posted by the Real Dan at 6:59 PM on July 28 [3 favorites]


Do you ever get exposed to the end-users of your code? The issue may be that you don't see the real consequences of your code, so you end up in a mental echo chamber.

When you see real people interacting with your software, you're grounded in reality. You might think to yourself, "When Jessica used my product, it was so embarrassing that it immediately crashed. But then she reloaded and used it to rent a dog, and she smiled from ear to ear! That was awesome." If you're just constantly handing your code to clients, you have no idea what happens when users actually use it.

Imagine an analogy of a doctor who is put in a room, and handed folders all day long with patient cases. He writes a diagnosis and prescription for each folder, and an assistant takes it and uses it to treat the patient. The doctor never finds out what happens. For all he knows, half his diagnoses are wrong, and those patients are now sicker. After a while, the doctor might start to go nuts and imagine terrible outcomes.

You need to find a way to see the actual results of your code.
posted by vienna at 10:27 PM on July 28


I've recommended this book on the green before, but "Self-Compassion" by Kristin Neff really helped me not beat myself up so much. She also has a TED talk on the topic.
posted by chickenmagazine at 5:43 AM on July 29 [1 favorite]


Sometimes I can shift angry or punitive oriented feelings by appreciating their roots in something good. You really really want to do a good job! Those parts of you want to do a good job so much they are angry at any error that might mess things up. Errors can cause a lot of suffering and difficulty in the world. Accuracy is very valuable and can save lives and prevent a lot of forms of very real suffering. You can view this part of you as a gift while remembering that the skills we have are not what makes us valuable.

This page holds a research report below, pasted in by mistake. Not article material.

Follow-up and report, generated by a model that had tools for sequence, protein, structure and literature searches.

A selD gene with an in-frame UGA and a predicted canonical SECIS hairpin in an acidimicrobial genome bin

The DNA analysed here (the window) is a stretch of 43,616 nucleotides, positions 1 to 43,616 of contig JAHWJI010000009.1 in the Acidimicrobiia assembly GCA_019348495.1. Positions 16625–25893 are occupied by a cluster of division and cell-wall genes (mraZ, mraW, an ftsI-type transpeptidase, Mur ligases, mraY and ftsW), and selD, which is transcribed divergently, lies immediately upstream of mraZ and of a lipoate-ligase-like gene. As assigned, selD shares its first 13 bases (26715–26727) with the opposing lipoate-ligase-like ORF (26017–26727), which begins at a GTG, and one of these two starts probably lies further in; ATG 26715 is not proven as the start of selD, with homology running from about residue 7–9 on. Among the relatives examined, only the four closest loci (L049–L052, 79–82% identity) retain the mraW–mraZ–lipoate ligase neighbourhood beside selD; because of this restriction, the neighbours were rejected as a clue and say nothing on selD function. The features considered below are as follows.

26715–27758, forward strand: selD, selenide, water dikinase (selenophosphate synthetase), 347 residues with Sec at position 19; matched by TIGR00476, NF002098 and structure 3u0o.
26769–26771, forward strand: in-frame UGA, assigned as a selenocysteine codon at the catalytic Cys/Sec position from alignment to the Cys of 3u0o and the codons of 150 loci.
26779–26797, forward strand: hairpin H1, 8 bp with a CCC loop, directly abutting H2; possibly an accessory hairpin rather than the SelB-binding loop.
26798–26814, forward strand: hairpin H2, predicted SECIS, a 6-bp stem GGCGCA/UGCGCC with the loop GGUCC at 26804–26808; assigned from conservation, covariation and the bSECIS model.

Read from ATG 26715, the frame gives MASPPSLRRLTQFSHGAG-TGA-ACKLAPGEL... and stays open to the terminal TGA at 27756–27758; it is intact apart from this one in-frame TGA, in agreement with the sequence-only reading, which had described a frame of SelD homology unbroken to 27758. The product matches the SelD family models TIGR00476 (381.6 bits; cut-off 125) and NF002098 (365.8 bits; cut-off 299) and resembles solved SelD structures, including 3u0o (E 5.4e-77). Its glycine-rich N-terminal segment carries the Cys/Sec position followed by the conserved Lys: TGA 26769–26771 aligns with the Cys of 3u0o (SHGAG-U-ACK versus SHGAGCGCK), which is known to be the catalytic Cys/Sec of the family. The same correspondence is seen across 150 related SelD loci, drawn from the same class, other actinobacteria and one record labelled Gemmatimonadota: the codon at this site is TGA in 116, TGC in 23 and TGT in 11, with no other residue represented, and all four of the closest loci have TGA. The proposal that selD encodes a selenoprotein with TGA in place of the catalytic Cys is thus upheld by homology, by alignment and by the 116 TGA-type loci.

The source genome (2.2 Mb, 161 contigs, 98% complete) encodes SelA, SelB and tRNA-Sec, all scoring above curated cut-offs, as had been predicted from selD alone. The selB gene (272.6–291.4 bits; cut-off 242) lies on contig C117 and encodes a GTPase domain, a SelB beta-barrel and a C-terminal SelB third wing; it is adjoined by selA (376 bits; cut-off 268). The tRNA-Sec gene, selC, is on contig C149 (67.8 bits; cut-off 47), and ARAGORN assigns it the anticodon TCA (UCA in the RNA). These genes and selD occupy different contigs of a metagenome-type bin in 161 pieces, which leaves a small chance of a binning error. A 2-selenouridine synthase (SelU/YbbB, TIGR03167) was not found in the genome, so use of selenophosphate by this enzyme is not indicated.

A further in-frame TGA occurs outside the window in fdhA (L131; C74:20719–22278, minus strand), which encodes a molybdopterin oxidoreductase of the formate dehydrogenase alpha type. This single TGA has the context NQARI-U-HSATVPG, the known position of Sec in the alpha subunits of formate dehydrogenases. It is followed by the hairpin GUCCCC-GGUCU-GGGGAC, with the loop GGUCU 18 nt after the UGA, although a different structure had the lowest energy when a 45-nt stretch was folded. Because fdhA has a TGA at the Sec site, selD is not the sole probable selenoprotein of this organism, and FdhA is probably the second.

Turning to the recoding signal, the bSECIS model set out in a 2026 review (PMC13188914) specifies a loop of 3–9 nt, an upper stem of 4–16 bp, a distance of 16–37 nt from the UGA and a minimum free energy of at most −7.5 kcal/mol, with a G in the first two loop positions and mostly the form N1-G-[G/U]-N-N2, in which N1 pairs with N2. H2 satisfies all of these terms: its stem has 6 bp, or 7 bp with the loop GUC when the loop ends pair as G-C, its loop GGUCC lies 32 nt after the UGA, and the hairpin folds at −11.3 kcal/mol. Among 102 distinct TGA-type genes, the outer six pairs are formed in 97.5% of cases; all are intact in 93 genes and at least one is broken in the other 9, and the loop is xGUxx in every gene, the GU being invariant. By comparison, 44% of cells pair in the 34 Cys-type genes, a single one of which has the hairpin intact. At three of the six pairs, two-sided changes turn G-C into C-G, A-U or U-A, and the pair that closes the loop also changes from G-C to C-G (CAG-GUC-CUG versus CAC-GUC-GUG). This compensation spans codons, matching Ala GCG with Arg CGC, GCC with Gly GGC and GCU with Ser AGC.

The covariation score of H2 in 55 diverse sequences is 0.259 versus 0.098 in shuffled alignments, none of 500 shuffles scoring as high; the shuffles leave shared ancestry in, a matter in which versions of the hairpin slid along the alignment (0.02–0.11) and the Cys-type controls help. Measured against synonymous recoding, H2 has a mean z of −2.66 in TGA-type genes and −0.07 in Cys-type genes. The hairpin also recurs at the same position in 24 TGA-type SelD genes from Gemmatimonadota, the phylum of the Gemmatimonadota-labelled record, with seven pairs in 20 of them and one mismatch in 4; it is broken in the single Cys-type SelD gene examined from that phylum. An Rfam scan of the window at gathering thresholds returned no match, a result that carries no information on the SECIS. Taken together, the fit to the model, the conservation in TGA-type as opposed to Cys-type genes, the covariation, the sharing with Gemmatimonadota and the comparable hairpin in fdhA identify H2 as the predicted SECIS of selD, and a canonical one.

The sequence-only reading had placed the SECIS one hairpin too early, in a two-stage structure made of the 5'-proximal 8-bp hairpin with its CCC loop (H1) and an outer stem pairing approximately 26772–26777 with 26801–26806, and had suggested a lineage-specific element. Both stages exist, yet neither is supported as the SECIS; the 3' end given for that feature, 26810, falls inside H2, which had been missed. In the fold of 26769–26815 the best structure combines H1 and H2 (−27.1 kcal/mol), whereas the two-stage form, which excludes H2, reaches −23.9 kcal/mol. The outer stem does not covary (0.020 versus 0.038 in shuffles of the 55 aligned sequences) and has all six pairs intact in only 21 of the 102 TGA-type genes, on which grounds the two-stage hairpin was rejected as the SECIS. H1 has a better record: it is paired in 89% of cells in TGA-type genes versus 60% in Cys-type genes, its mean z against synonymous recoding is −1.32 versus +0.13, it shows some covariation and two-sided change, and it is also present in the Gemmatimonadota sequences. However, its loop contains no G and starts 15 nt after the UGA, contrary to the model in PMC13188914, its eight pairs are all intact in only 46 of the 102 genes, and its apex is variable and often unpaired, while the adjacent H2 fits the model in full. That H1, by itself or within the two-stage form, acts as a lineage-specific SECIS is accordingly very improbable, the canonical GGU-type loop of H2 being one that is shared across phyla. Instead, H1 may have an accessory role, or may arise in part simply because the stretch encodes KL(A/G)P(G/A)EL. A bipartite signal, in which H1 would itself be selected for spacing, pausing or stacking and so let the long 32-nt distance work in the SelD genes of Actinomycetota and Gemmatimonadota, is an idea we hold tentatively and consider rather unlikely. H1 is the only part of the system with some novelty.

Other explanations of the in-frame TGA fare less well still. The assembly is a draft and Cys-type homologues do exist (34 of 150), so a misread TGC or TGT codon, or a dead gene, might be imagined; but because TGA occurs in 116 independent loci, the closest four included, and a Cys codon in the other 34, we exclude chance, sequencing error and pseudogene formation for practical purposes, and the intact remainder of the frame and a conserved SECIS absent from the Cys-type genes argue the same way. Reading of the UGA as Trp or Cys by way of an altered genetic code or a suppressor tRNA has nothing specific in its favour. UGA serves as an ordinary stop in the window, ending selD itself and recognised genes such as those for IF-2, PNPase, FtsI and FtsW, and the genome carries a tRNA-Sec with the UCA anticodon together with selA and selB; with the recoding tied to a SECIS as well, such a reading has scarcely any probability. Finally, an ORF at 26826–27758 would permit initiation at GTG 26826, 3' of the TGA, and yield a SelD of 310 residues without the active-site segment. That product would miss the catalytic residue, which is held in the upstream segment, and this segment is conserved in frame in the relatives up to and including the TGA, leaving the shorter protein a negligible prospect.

Practice believing that human beings who will never be skilled at accuracy- including you attimes- deserve compassion exactly as much as those who have skills at accuracy.

Sometimes when we sense we are in an environment where those who make mistakes are NOT valued, i.e. those who don't do well on the job are going to be fired-- the desire to self punish is actually a self preservation trait. We want to punish ourselves before anyone else does because showing others how much we hate ourselves takes the pressure off them to do it for us, even silently in their minds or slowly start thinking about kicking us off the team or seeing our status as less valuable.

For me-- I used to have a lot of desire for violent abuse when I messed something up and I found out that my family history (though not myself personally) has a long history of extreme violence and daily beatings for errors, violations of norms, (or simply because someone was pissed off and wanted a punching bag.) For me understanding the origins ofsuch feelings helped transcend that pattern, and also let go of that instinctual reaction to "I am bad for having this bad pattern" feeling that also creeps up when you try to stop yourself from hating yourself (you try to use more hate because it's what comes natural).